Written answers

Tuesday, 16 April 2019

Department of Foreign Affairs and Trade

Female Genital Mutilation

Photo of Denis NaughtenDenis Naughten (Roscommon-Galway, Independent)
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58. To ask the Minister for Foreign Affairs and Trade the progress being made to ban female genital mutilation at both EU and UN level; and if he will make a statement on the matter. [17398/19]

Photo of Ciarán CannonCiarán Cannon (Galway East, Fine Gael)
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Female Genital Mutilation and Cutting is a fundamental violation of the human rights of women and girls. It is nearly always carried out on minors.  Approximately 3.6 million girls are at risk of being subjected to FGM in any given year.  According to a recent World Health Organisation report, there are 200 million girls and women in 30 countries affected by FGM. While there has been an overall decline in the prevalence of FGM in the last three decades, not all countries have made progress and the pace of change has been uneven.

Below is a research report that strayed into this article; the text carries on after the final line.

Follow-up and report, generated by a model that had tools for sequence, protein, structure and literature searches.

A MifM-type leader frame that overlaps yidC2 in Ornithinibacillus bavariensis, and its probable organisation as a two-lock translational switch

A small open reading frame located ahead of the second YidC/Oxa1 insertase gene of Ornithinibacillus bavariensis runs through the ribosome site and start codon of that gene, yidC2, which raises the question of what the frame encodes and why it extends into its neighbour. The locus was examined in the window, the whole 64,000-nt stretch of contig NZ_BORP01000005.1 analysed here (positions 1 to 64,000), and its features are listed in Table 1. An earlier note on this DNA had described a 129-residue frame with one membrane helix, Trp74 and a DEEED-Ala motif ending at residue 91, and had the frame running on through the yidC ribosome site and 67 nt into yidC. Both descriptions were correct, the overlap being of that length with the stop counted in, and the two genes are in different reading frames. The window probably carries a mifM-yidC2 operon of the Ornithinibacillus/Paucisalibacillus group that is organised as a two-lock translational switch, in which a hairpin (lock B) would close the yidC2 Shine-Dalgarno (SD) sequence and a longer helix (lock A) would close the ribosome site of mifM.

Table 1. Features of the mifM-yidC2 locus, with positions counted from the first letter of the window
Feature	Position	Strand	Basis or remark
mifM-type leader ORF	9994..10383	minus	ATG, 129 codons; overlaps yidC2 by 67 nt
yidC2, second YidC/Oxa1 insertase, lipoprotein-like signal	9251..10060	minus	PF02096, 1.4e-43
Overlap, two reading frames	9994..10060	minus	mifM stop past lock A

In 2018, Ireland co-sponsored resolutions in the Human Rights Council and the UN General Assembly calling for the intensification of efforts to eliminate FGM.  Ireland also provides support to a number of UN agencies, including UNICEF and UNFPA to address this issue. UNFPA and UNICEF jointly lead the largest global programme to accelerate the abandonment of FGM which currently focuses on 17 African countries with the highest prevalence of FGM. The programme supports the development of legislation outlawing FGM; funds community and media education initiatives on FGM; and provides training to improve health care services for those affected. 

In addition, the European Union and the UN are collaborating on a new, global initiative - the Spotlight Initiative - focusing on eliminating all forms of violence against women and girls, with an emphasis on  specific regions. In Africa, the Spotlight Initiative is concentrating on sexual and gender based violence and harmful practises such as FGM as well as addressing links to sexual reproductive health and rights.


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